The Gibraltar of Greece

The Gibraltar of Greece
W. Ruth Kozak on the poet Yannis Ritsos
Monemvasia, Greece

I know that each one of us travels to love alone,
Alone to faith and to death.
I know it. I’ve tried it. It doesn’t help.
Let me come with you.

– “Moonlight Sonata”


The towering rock of Monemvasia rises from the sea on the southeastern coast of the Peloponnese. Known as the Gibraltar of Greece, it has been a fortified settlement since ancient times. Its name, which dates to the sixth century, means “sole entrance”–so named because the only access is through a fortified tunnel.

The scenery is as harsh as silence.

Lying on an important trade route, Monemvasia was repeatedly besieged. The Franks occupied it until 1200, when they were expelled by Byzantine troops and the town became a naval station for the Byzantine Empire. It was later occupied by the Venetians when inhabitants asked for their help against pirates. When Venetian power began to wane, Monemvasia fell to the Turks. The city was recaptured by the Venetians, but it wasn’t until the Greek War of Independence in 1821 that the town was liberated.

Ritsos was born here in 1909. An aristocrat by birth and renowned in Greece as an actor and director, he was one of the country’s most beloved poets. He was awarded the Lenin Peace Prize, Russia’s highest literary honor, in 1956, and he was named a Golden Wreath laureate, the most prestigious award of the international Struga Poetry Evenings festival, in 1985.

I arrived in Monemvasia early one morning by bus from Athens. At first it seemed not much more than a quiet coastal town dominated by the steep rock offshore, which is connected to the town by a long causeway. Boats crowded the harbor and small shops and tavernas lined the shore. I found a pleasant pension overlooking the sea and set out to explore.

I took the causeway out to the rock to find the walled, medieval old town, which is invisible from the shore. As I approached through the vaulted stone gateway, I found myself in another age. The narrow cobbled streets wind up the side of the rock, which is topped by a castle fortress. Many of the old buildings are restored and house boutiques, bed and breakfasts, and small bistros. A relative of Ritsos owns one of the tavernas. Many of the old buildings still have the crests of Venetian noble families on the old wooden doors.

Monemvasia truly is a step back into the glorious age of Byzantine Greece. I lost myself in the past as I edged my way down the narrow cobbled streets or rested in a shaded courtyard. It was easy to imagine what life was like here, hidden away on the rocky slope of the mountain, with the teal-colored sea churning below. Although much of the old “lower” town is in ruins, the family home of Yannis Ritsos has been restored and turned into a museum. A monument to the poet stands outside the house.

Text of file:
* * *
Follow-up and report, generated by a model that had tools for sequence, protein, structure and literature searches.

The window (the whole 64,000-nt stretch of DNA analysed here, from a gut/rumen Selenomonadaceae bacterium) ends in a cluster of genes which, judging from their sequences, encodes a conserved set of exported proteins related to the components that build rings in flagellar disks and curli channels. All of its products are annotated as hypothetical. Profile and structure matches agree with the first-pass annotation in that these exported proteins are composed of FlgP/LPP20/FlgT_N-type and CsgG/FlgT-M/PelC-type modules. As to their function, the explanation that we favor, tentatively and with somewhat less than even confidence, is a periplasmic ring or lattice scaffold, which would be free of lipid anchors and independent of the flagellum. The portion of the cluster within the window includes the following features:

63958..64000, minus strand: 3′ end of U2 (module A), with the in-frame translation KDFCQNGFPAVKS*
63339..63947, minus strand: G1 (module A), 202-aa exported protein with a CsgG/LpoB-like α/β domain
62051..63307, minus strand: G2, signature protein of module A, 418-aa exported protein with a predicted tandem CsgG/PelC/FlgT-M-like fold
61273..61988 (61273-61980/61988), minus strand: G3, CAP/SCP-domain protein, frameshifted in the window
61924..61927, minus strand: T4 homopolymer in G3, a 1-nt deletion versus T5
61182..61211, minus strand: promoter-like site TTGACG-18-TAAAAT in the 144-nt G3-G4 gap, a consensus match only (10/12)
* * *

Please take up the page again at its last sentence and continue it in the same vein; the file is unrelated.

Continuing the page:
Misfortune visited Ritsos’s life. He experienced the death of his mother and oldest brother from tuberculosis when he was young, and his father was committed to a mental institution. He too contracted tuberculosis and spent four years, from 1927 to 1931, in a sanitarium. In later years, because of his leftist politics, he was imprisoned and exiled and his poetry banned in Greece. Yet despite, or perhaps because of, his suffering, he poured his heart into his work, writing more than 100 books over his lifetime.

The sun finally reaches the backroom window. / Someone shouts outside in the street. / These things seem different to the loveless.

During the 1980s, Ritsos wrote nine novels, compiled under the title Iconostase of the Anonymous Saints. Written in his poetic style, they are filled with a sense of sadness and loss. Ritsos died in Athens on November 11, 1990. He is buried in the cemetery outside the walls of Monemvasia.

W. Ruth Kozak is an ardent traveler who has lived in, and often visits, Greece, where she spends time browsing archaeological sites and doing research. She is fond of the Greek writers and poets, both ancient and modern. Ruth edits and publishes her own online travel magazine, Travel Thru History (www.travelthruhistory.com). She is a published travel writer and writing instructor. Find her at www.ruthkozak.com.

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